Fernando González Urbaneja | Uncertainty, volatility, acceleration… these are common concepts, clichés in any economic presentation that abound these days. We have seen it all in real time over the last few hours. Inflation rates soaring to almost double-digit levels over the last few months have put the (independent and competent) central banks and their monetary strategies on the spot. Inflation is a monetary issue, therefore the responsibility of the guardians of money, and it is up to them to put a stop to it. But the current rise in energy prices is not only a monetary issue, there are also supply factors, the cost of raw materials that have nothing to do with the money available.
Higher energy costs impose impoverishment on buyers who can either bear it or pass it on to others with price increases. This leads to induced, second-round inflation, which limits purchasing power and ends in recession. To limit prices, central banks reduce the money in circulation by making it more expensive; a means that can also lead to a recession (a step backwards) that allows them to regain strength and then grow.
What has happened these days is that in the expectation of money price increases, market players have tried to get ahead of the curve and put themselves at an advantage. They have done so by rating the risks, i.e. with risk premiums for the most indebted and least able to pay. In just a few hours the bonds of the weak: Italy, Spain, Greece… have seen their interest rates rise (up to 3% and 4%) compared to 1.5% for strong bonds. Again the north/south dynamic, austere and prodigal.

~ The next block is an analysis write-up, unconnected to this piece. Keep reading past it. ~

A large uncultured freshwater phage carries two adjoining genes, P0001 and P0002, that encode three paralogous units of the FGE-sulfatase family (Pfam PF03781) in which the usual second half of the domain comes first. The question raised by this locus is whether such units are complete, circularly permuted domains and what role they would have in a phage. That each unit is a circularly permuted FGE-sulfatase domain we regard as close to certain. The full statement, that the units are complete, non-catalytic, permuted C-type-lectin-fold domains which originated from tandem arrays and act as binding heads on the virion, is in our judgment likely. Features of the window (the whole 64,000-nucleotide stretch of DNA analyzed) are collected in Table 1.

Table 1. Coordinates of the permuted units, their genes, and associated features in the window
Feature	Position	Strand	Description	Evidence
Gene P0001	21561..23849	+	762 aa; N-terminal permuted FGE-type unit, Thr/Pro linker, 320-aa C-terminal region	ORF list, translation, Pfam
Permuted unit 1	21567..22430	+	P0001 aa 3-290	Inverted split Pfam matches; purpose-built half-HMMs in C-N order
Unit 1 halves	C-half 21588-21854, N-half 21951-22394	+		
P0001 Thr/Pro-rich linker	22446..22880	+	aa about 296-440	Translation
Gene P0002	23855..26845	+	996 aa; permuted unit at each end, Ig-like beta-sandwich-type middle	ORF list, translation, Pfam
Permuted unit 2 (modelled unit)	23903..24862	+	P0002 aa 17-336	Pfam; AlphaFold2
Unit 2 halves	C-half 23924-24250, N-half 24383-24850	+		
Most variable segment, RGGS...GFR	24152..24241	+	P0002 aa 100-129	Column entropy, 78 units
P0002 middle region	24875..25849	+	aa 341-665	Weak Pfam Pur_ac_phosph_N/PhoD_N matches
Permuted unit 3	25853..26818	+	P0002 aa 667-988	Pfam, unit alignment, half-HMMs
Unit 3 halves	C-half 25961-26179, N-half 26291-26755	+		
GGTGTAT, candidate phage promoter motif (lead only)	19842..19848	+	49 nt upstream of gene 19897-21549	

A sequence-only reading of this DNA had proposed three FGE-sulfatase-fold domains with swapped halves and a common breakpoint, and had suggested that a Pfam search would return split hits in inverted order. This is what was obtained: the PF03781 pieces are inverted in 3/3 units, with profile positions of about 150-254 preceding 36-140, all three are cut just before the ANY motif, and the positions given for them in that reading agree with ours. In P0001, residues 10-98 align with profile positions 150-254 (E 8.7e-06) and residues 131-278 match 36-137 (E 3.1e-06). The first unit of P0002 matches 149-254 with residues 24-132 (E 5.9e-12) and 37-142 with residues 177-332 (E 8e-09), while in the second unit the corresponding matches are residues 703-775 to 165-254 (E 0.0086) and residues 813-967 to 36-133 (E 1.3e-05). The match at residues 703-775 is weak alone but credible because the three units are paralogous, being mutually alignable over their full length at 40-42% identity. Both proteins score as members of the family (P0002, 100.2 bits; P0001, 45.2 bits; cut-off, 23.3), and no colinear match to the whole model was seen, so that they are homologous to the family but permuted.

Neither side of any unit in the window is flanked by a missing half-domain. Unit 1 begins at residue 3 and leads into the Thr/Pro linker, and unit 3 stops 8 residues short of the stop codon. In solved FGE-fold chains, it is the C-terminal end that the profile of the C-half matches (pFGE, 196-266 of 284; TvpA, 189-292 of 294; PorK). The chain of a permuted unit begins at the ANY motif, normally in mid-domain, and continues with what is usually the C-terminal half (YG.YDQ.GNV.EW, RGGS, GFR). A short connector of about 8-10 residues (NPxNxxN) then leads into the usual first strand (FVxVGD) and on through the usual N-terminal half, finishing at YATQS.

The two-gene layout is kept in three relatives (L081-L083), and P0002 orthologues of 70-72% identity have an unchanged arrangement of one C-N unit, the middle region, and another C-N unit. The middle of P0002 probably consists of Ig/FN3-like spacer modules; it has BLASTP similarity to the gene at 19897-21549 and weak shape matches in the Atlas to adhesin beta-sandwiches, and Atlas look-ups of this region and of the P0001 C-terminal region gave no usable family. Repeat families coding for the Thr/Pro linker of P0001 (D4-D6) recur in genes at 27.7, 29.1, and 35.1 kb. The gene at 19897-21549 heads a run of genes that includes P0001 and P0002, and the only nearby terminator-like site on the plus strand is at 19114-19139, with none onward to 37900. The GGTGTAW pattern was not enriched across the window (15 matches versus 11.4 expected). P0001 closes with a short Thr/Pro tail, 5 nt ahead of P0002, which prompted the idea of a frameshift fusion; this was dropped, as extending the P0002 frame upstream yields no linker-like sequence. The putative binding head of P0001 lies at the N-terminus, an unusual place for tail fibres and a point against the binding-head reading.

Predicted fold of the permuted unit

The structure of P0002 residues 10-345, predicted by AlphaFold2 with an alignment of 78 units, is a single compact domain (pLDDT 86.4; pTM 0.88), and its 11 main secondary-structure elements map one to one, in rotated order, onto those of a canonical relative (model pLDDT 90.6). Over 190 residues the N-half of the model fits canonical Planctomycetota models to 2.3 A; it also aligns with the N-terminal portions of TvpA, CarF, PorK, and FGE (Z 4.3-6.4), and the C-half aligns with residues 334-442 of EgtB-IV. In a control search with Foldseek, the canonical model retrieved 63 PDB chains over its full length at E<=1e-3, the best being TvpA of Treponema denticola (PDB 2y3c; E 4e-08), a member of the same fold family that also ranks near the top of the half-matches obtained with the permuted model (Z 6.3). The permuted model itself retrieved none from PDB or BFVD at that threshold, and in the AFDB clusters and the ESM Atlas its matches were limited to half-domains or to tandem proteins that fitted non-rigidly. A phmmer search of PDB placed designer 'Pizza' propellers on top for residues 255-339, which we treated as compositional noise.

What worries the ECB now is the “fragmentation” of the sovereign bond market, the questioning of the stability of the euro. So it has to tame inflation on the one hand and stabilise debt on the other. In a way it is something like blowing (and slurping; reducing the money supply and financing sovereign debts).
Spain is in the shadow zone, too much inflation, too much debt, too much deficit and too little productivity. The government likes to hand out, to subsidise, to increase rights of uncertain future; to place itself in the great zone without reforming anything, without sowing or preventing, with the providentialism that others (Europe, the ECB, Santa Rita…) will do the job for it.
The Euribor has climbed in one week what was expected by end-year. This does not mean that all mortgages will become more expensive all at once. They will do so as terms come due, but this means another impoverishment, like the rise in energy prices, which must be assimilated with productivity, with more and better work. But not a word about that.
In the face of what is happening at great speed, headwinds, the social pact, of prices and incomes, is the only palliative measure to spread the costs. But there is no progress either. The ECB asks the markets not to screw up, but the latter see an unclear future and try to cover themselves because they lack trust. We are back to where we were in 2010, for other reasons, but with a similar trajectory and effects.